Publications by authors named "Rafael M Tassitano"

9 Publications

  • Page 1 of 1

Reallocating Time From Sedentary Behavior to Physical Activity in Patients With Peripheral Artery Disease: Analyzing the Effects on Walking Capacity Using Compositional Data Analysis.

J Phys Act Health 2021 Mar 5;18(4):426-432. Epub 2021 Mar 5.

Background: To examine the associations between physical activity (PA) and sedentary behavior (SB) with walking capacity and the effects of reallocating time from SB to PA in patients with symptomatic peripheral artery disease (PAD) using compositional data analysis.

Methods: This cross-sectional study included 178 patients (34% females, mean age = 66 [9] y, body mass index = 27.8 [5.0] kg/m2, and ankle-brachial index = 0.60 [0.18]). Walking capacity was assessed as the total walking distance (TWD) achieved in a 6-minute walk test, while SB, light-intensity PA, and moderate to vigorous-intensity PA (MVPA) were measured by a triaxial accelerometer and conceptualized as a time-use composition. Associations between time reallocation among wake-time behaviors and TWD were determined using compositional isotemporal substitution models.

Results: A positive association of MVPA with TWD (relative to remaining behaviors) was found in men (βilr = 66.9, SE = 21.4, P = .003) and women (βilr = 56.5, SE = 19.8; P = .005). Reallocating 30 minutes per week from SB to MVPA was associated with higher TWD in men (6.7 m; 95% confidence interval, 2.6-10.9 m) and women (4.5 m; 95% confidence interval, 1.5-7.5 m).

Conclusions: The findings highlight, using a compositional approach, the beneficial and independent association of MVPA with walking capacity in patients with symptomatic PAD, whereas SB and light-intensity PA were not associated.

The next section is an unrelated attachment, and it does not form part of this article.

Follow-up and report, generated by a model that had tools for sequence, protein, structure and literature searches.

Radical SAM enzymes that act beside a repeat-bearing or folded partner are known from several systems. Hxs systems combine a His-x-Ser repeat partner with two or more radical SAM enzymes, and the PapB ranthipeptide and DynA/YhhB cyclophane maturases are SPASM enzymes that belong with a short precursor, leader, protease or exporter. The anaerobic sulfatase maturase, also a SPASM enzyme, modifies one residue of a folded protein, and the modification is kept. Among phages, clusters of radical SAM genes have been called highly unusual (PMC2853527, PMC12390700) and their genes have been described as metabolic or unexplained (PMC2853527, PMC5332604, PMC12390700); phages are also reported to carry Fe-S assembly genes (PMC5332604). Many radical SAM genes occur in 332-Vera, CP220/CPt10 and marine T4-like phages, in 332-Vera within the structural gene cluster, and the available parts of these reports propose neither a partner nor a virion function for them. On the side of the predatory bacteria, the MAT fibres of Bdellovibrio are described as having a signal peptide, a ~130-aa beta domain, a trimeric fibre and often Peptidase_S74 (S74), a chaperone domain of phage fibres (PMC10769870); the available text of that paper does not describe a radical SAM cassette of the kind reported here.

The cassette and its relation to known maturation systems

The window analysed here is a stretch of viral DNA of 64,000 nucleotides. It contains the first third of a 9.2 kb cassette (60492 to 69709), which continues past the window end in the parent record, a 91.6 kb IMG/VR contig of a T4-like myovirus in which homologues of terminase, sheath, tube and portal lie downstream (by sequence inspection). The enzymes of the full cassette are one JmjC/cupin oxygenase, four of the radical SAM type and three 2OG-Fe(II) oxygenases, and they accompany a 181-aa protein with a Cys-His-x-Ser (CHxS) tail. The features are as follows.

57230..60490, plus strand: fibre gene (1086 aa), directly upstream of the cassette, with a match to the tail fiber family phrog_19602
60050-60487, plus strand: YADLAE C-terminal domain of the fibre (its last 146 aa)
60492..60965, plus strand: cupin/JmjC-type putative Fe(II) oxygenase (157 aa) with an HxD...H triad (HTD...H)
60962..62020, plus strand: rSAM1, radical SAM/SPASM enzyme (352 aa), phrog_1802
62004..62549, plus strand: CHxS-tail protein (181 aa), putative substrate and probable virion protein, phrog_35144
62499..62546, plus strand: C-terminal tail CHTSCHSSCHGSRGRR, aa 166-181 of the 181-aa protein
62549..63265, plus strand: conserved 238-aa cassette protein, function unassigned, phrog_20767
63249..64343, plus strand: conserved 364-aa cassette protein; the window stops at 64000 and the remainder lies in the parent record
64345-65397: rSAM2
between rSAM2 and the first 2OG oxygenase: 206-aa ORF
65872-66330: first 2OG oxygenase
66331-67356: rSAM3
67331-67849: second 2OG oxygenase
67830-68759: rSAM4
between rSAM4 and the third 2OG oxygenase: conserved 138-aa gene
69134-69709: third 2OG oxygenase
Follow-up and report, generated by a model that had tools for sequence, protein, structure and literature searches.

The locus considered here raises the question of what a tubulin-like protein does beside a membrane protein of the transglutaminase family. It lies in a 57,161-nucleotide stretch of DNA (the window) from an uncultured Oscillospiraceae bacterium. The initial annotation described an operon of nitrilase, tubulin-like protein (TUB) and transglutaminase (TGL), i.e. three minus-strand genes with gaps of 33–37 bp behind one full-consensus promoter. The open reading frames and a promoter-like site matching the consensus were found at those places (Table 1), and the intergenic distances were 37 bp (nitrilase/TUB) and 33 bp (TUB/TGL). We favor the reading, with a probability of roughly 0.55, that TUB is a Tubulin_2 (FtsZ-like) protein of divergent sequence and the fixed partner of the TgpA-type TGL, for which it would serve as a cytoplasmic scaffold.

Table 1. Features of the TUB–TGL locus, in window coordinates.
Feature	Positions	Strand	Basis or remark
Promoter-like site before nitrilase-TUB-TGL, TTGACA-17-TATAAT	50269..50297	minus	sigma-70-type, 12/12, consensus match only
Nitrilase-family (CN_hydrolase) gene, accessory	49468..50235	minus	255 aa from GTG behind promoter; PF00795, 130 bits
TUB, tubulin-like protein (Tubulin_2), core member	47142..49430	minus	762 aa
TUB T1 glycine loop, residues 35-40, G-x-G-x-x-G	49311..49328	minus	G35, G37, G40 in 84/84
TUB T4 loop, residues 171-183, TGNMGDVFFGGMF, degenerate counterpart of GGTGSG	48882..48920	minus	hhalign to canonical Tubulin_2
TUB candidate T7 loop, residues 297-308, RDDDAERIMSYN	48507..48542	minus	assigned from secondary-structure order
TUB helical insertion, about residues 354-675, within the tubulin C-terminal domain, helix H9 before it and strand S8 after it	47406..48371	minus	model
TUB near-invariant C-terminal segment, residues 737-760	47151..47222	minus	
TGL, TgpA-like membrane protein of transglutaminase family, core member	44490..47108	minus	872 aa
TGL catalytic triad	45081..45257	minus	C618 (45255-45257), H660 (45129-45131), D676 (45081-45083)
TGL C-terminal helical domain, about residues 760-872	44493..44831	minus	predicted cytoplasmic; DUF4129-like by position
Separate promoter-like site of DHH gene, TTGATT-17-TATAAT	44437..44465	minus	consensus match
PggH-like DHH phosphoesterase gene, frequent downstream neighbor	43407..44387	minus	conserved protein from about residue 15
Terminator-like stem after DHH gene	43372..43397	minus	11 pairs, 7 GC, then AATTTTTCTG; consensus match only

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March 2021

Children's moderate-to-vigorous physical activity on weekdays versus weekend days: a multi-country analysis.

Int J Behav Nutr Phys Act 2021 02 10;18(1):28. Epub 2021 Feb 10.

MRC Epidemiology Unit & Centre for Diet and Activity Research, University of Cambridge, Cambridge, UK.

Purpose: The Structured Days Hypothesis (SDH) posits that children's behaviors associated with obesity - such as physical activity - are more favorable on days that contain more 'structure' (i.e., a pre-planned, segmented, and adult-supervised environment) such as school weekdays, compared to days with less structure, such as weekend days. The purpose of this study was to compare children's moderate-to-vigorous physical activity (MVPA) levels on weekdays versus weekend days using a large, multi-country, accelerometer-measured physical activity dataset.

Methods: Data were received from the International Children's Accelerometer Database (ICAD) July 2019. The ICAD inclusion criteria for a valid day of wear, only non-intervention data (e.g., baseline intervention data), children with at least 1 weekday and 1 weekend day, and ICAD studies with data collected exclusively during school months, were included for analyses. Mixed effects models accounting for the nested nature of the data (i.e., days within children) assessed MVPA minutes per day (min/day MVPA) differences between weekdays and weekend days by region/country, adjusted for age, sex, and total wear time. Separate meta-analytical models explored differences by age and country/region for sex and child weight-status.

Results/findings: Valid data from 15 studies representing 5794 children (61% female, 10.7 ± 2.1 yrs., 24% with overweight/obesity) and 35,263 days of valid accelerometer data from 5 distinct countries/regions were used. Boys and girls accumulated 12.6 min/day (95% CI: 9.0, 16.2) and 9.4 min/day (95% CI: 7.2, 11.6) more MVPA on weekdays versus weekend days, respectively. Children from mainland Europe had the largest differences (17.1 min/day more MVPA on weekdays versus weekend days, 95% CI: 15.3, 19.0) compared to the other countries/regions. Children who were classified as overweight/obese or normal weight/underweight accumulated 9.5 min/day (95% CI: 6.9, 12.2) and 10.9 min/day (95% CI: 8.3, 13.5) of additional MVPA on weekdays versus weekend days, respectively.

Conclusions: Children from multiple countries/regions accumulated significantly more MVPA on weekdays versus weekend days during school months. This finding aligns with the SDH and warrants future intervention studies to prioritize less-structured days, such as weekend days, and to consider providing opportunities for all children to access additional opportunities to be active.
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February 2021